ON-Lion Letter

"It has been claimed that CO2-induced global warming will be so great and so rapid that many of Earth's trees will not be able to migrate towards cooler regions ... rapidly enough to avoid extinction," begins a January report from the Science & Public Policy Institute (SPPI) in Haymarket, Va.  "This prediction is based on the assumption that tree growth rates rise from zero at the cold limit of their natural ranges (their northern boundaries in the Northern Hemisphere) to a broad maximum, after which they decline to zero at the warm limits of their natural ranges."  Research, however, has "convincingly demonstrated that this assumption is only half correct:  it properly describes tree growth dynamics near a Northern Hemispheric forest's northern boundary; but it is an inaccurate representation of tree growth dynamics near such a forest's southern boundary.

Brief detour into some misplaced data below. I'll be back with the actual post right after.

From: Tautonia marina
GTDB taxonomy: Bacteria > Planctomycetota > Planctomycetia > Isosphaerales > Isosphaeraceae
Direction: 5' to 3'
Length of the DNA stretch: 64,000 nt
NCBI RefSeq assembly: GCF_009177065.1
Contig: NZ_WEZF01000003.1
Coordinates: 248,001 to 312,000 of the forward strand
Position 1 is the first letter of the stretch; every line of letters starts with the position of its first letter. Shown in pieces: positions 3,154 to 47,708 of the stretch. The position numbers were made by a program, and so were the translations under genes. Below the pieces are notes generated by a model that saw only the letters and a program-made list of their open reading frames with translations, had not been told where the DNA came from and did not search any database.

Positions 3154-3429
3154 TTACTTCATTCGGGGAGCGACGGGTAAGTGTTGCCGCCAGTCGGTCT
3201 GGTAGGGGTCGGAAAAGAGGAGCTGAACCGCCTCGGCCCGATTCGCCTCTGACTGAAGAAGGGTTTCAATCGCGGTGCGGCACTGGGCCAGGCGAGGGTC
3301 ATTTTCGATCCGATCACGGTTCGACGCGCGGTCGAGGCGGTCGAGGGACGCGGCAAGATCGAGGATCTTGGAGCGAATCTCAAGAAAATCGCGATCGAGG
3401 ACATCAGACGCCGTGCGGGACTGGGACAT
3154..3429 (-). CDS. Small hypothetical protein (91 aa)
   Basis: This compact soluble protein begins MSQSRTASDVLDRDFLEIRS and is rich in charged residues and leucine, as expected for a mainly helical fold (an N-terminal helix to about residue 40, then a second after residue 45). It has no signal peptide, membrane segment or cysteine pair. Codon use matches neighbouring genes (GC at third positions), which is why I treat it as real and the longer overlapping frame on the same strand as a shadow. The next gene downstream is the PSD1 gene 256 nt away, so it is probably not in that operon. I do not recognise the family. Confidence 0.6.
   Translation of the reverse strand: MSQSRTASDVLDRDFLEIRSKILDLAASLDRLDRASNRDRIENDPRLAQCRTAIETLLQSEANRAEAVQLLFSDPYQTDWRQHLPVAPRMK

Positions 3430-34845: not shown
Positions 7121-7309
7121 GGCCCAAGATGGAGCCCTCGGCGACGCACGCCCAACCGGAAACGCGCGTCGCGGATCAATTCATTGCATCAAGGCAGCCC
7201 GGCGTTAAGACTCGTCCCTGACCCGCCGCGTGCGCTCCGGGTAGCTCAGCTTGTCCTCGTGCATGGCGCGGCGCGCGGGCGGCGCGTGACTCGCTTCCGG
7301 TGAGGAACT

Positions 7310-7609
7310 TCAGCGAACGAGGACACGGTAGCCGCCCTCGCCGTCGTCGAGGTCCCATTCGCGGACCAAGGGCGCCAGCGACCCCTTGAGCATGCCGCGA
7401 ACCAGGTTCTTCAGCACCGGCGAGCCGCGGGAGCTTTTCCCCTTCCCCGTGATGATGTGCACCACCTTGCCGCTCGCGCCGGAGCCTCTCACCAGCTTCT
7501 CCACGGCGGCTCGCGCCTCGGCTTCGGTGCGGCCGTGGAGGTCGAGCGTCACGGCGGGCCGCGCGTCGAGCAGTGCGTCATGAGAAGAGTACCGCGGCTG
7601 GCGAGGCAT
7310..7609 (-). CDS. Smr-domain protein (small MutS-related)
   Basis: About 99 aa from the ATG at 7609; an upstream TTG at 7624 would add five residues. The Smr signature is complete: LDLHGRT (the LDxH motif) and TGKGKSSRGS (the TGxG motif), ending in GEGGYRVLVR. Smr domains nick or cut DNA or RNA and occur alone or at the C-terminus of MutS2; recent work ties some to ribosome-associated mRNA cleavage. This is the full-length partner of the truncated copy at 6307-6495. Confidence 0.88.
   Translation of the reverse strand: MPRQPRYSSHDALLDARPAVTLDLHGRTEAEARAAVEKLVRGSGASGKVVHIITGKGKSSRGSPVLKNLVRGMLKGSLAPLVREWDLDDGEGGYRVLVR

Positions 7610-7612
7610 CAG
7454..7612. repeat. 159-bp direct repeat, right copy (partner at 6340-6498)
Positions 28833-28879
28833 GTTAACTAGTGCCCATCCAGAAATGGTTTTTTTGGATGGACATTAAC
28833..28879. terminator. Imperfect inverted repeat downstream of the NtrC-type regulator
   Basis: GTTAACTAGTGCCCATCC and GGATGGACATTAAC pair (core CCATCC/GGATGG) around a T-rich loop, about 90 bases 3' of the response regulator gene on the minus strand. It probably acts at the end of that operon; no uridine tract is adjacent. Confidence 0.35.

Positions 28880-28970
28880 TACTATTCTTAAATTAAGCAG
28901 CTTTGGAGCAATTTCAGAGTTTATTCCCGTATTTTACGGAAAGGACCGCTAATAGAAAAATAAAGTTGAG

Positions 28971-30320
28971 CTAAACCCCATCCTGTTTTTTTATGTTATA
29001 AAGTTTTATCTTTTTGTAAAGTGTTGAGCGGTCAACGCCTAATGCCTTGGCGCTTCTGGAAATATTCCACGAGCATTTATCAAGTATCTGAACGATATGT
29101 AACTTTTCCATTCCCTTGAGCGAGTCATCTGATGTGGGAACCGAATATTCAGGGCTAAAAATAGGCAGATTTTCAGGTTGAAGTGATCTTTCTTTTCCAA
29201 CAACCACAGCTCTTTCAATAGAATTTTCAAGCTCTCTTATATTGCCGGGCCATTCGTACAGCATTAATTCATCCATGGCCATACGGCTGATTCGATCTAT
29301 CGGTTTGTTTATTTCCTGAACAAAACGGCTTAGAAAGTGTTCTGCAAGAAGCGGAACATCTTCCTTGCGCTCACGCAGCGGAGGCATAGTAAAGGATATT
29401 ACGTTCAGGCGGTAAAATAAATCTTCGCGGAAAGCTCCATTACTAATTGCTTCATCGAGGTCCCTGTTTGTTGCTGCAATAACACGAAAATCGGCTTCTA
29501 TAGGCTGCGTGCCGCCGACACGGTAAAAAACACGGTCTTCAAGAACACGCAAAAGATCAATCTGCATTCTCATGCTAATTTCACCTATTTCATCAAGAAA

"[I]t would appear that Earth's trees have nothing to fear from any future global warming that might possibly occur, other than climate-alarmist-manufactured fear itself," concludes Forest Growth Responses to Increasing Temperatures.  "In fact, their physiology is such that they would much more likely find that such a warming would actually enhance their rates of growth and their degrees of development."

The Lynde and Harry Bradley Foundation in Milwaukee supports SPPI.

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